Fraud, Scams & Online safety
October 3, 2023
Crime Prevention
How to tell if your identity has been stolen and what to do about it

How to tell if your identity has been stolen and what to do about it

If you discover your identity has been stolen, it’s important to let your bank and other key authorities know as soon as possible.

Having your identity stolen can be emotionally and financially devastating and take years to resolve. Here’s how to recognise if your identity has been stolen and the key actions you should take. 

What is identity theft?

Identity theft is when someone steals your personal, identifiable or sensitive information and uses it to defraud or harm you, such as falsely obtaining money, credit, loans or goods, setting up accounts or signing contracts in your name, stealing your superannuation, impersonating you on social media, committing crimes or harming your reputation.

What is personal identifiable information?

Personal identifiable information is anything that helps to identify who you are or how to find you. It may include:

  • Your full name
  • Birthdate
  • Address
  • Phone number
  • Bank account details
  • Debit and credit card details
  • Driver’s licence number
  • Passport details
  • Tax File Number
  • Usernames and passwords
  • Location check-ins and event RSVPs
  • Email addresses

Signs of identity theft?

If your identity has been stolen, it might be a while before you realise it. Some of the signs to look out for include:

  • Mail you’re expecting never arrives.
  • You’ve lost important documents such as your passport or driver’s licence.
  • Unusual charges, purchases or transactions appear on your bank or credit card statements.
  • You’ve applied for a government benefit but are told you already receive it.
  • You receive bills, invoices or receipts addressed to you for things you’ve bought or services you haven’t used.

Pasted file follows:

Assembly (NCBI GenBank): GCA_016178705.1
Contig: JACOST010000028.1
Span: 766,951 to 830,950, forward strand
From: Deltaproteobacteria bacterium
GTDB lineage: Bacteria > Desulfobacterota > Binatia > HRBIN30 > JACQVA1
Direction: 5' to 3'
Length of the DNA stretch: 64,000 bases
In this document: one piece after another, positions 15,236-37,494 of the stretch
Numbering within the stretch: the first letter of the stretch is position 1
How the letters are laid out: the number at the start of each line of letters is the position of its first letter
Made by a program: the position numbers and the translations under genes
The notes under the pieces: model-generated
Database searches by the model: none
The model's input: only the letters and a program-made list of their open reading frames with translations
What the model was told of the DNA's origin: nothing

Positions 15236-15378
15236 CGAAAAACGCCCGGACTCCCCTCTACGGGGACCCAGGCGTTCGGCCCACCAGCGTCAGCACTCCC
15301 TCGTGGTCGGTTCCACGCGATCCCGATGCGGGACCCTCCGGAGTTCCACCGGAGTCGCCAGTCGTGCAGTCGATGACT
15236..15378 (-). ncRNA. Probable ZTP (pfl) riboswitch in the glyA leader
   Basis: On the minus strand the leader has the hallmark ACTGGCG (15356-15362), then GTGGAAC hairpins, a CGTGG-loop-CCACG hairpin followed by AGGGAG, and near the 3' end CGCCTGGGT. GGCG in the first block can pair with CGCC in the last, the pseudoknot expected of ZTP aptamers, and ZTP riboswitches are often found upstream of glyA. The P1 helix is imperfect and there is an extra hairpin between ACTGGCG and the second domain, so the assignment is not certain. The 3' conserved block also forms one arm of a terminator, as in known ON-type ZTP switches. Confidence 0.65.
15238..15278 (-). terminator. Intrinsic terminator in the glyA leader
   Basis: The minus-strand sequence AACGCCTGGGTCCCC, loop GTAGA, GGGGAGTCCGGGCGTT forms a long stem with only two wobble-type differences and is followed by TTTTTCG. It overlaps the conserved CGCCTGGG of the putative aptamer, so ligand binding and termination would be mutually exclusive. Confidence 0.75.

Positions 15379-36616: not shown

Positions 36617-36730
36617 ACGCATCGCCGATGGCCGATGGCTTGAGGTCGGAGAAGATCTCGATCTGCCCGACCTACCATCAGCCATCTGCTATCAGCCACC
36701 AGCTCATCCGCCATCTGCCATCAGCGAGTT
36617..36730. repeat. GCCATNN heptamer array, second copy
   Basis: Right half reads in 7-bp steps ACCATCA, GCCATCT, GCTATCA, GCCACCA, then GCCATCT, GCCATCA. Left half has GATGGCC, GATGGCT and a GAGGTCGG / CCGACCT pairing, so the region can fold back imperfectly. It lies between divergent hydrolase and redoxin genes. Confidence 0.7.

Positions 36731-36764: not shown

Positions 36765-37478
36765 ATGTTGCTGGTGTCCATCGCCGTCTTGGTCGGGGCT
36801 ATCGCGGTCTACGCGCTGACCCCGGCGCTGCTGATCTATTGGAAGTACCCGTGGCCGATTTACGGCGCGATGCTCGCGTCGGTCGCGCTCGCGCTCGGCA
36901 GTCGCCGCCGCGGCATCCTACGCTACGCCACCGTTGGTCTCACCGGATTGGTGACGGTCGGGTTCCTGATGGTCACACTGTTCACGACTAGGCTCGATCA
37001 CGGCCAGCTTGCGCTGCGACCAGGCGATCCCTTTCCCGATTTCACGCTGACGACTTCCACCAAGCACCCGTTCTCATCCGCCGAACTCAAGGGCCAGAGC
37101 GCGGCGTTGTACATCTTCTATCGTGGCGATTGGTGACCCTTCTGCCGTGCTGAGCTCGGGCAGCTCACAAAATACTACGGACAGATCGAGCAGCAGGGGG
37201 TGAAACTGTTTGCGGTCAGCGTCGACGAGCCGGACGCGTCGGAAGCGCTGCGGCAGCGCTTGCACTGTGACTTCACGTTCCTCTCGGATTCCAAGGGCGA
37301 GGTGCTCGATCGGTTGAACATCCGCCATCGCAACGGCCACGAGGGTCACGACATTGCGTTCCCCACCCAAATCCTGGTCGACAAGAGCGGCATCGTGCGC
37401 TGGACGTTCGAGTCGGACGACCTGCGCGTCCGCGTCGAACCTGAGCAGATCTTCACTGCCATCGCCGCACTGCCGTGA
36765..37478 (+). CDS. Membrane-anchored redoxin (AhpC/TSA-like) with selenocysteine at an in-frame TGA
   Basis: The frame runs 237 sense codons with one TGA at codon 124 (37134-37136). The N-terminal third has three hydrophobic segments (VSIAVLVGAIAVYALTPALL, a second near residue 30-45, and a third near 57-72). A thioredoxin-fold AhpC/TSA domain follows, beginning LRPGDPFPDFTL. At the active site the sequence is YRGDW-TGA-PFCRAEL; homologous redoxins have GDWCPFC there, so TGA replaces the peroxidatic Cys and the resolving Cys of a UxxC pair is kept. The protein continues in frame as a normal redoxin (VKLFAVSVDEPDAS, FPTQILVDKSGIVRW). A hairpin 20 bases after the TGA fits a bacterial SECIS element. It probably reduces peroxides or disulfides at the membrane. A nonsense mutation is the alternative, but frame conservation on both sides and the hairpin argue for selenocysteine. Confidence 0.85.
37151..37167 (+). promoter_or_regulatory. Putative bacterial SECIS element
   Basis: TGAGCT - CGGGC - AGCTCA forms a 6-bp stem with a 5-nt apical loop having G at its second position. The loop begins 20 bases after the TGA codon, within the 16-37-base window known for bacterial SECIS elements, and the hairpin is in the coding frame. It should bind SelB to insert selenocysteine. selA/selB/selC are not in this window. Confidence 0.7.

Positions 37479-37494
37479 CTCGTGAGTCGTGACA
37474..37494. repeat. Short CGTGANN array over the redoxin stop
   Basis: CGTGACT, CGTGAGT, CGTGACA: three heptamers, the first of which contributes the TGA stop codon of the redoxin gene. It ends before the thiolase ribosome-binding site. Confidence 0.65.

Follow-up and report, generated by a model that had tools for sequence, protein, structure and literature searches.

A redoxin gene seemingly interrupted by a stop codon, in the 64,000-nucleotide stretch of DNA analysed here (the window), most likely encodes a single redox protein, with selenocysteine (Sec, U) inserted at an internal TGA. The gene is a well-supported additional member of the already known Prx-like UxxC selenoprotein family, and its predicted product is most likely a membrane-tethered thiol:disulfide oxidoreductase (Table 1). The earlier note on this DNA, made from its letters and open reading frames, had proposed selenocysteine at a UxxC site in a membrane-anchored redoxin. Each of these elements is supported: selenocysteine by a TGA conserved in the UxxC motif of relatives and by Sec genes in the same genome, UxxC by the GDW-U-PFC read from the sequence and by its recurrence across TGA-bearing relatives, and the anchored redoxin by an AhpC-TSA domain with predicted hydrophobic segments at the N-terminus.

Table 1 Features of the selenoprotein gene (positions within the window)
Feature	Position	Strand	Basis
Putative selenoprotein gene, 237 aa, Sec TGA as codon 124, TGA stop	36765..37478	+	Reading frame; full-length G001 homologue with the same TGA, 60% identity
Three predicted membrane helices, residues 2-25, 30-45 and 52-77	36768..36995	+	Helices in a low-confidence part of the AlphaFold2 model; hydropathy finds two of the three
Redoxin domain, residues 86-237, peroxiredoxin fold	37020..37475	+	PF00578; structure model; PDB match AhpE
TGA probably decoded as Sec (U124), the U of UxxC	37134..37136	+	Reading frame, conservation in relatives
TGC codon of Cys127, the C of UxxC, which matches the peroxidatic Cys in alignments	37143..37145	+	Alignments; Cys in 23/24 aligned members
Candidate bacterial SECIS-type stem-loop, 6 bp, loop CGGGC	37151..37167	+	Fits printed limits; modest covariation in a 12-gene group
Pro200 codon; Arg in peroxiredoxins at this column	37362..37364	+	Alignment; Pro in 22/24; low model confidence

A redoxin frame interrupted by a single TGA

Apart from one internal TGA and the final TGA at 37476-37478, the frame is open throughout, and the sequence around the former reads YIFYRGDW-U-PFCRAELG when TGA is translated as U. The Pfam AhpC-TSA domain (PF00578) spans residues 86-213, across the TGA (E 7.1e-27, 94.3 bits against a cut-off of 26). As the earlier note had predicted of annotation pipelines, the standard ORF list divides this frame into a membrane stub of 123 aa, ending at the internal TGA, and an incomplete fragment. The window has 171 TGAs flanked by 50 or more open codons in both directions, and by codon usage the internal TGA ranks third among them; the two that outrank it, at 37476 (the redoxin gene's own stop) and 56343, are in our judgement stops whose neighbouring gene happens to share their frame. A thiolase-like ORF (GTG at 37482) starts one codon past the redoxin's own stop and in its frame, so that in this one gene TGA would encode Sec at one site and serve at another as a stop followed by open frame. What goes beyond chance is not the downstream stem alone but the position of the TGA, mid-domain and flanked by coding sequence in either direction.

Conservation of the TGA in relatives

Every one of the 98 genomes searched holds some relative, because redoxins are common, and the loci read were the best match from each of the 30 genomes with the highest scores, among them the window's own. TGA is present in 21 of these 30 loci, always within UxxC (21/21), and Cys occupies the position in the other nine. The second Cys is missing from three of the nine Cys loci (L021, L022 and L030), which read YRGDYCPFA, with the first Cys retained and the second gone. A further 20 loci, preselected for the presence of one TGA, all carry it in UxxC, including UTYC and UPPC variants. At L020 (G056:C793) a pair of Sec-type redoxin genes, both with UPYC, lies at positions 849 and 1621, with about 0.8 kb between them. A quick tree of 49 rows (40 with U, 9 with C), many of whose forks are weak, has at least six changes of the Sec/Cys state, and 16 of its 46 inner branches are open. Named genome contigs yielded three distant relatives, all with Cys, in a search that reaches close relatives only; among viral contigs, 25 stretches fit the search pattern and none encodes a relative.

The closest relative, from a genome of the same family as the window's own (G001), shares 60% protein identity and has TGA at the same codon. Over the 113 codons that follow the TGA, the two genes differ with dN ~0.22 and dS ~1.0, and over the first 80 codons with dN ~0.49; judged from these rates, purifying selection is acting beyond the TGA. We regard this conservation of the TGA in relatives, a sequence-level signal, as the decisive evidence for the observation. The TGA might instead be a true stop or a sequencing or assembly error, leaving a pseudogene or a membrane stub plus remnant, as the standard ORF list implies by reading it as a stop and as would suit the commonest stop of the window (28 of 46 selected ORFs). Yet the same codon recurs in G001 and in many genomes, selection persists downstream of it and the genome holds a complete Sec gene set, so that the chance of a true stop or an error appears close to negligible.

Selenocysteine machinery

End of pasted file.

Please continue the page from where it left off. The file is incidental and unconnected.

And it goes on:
• You’re denied a loan or credit card, despite having a good credit history.
  • You’ve received letters from solicitors or debt collectors, for debts that aren’t yours.
  • A mobile phone contract has been taken out in your name, without you knowing.

What to do if you think your identity has been stolen

  • Notify your bank, credit provider and super fund.
  • Log out of all your online accounts and change the passwords.
  • Notify the Australian Taxation Office and/or Centrelink.
  • Contact VicRoads if you have a driver’s licence.
  • If you have a passport, alert the Australian Passport Office.
  • Let your family, friends and employer know.
  • Report it to Report Cyber at the Australian Cyber Security Centre.
  • Call IDCARE on 1800 595 160 or complete their online form to get specialised advice and support to help limit any damage.
  • Apply for a Commonwealth Victims Certificate, which can help you to re-establish your credentials with government agencies, businesses and banks and have them remove fraudulent transactions from their records.

What to do if you've been affected by a data breach

If you've been affected by a data breach, it's important to:

  • Report the breach to your bank and super fund, as well as VicRoads and the Australia Passport office, if appropriate. 
  • Change your passwords.
  • Be on the lookout for suspicious emails, phone calls, texts or social media messages 
  • Monitor your bank account for any purchases or transactions you didn’t make
  • Request copies of your credit reports from all 3 credit reporting bodies (Equifax, Experian and illion) to see if they include any unauthorised loans or applications.
  • request a temporary ban on your credit report

Get Police Assistance

For all emergencies and immediate Police assistance
Call: 000
To report non-urgent crimes or events 24 hours a day
Call: 131 444
To report information about a crime contact Crime Stoppers on
1800 333 000

Suggested reading just for you

Discover more Fraud, Scams & Online safety articles.

How to protect yourself from scams

The best way to protect yourself from being scammed is to stop, think and check before you react to suspicious texts, emails or phone calls
Read More

7 ways to spot an email scam

The best defence against scam emails is knowing what to look for – things like generic greetings, poor spelling, clunky language, an unofficial sender email address and incorrect branding.
Read More

How to spot an investment scam

Before you hand over your life savings to a new investment opportunity, carry out some basic checks to see whether the offer and the person or company behind it is real or a scam.
Read More

Keep up to date with our tips, news and events

Subscribe to our newsletter
Connect With Us

Neighbourhood Watch Victoria acknowledges the 38 mobs, the Traditional Custodians of the land on which we operate, live, and gather as employees and volunteers. We recognise their continuing connection to land, water and community and pay respect to Elders past, present and emerging.

At Neighbourhood Watch, we believe everyone has the right to feel safe and welcome. We are committed to ensuring diversity, inclusion and equity are embedded throughout our organisation – in the work we do, the services we deliver and among our staff, volunteers, and the communities we work with.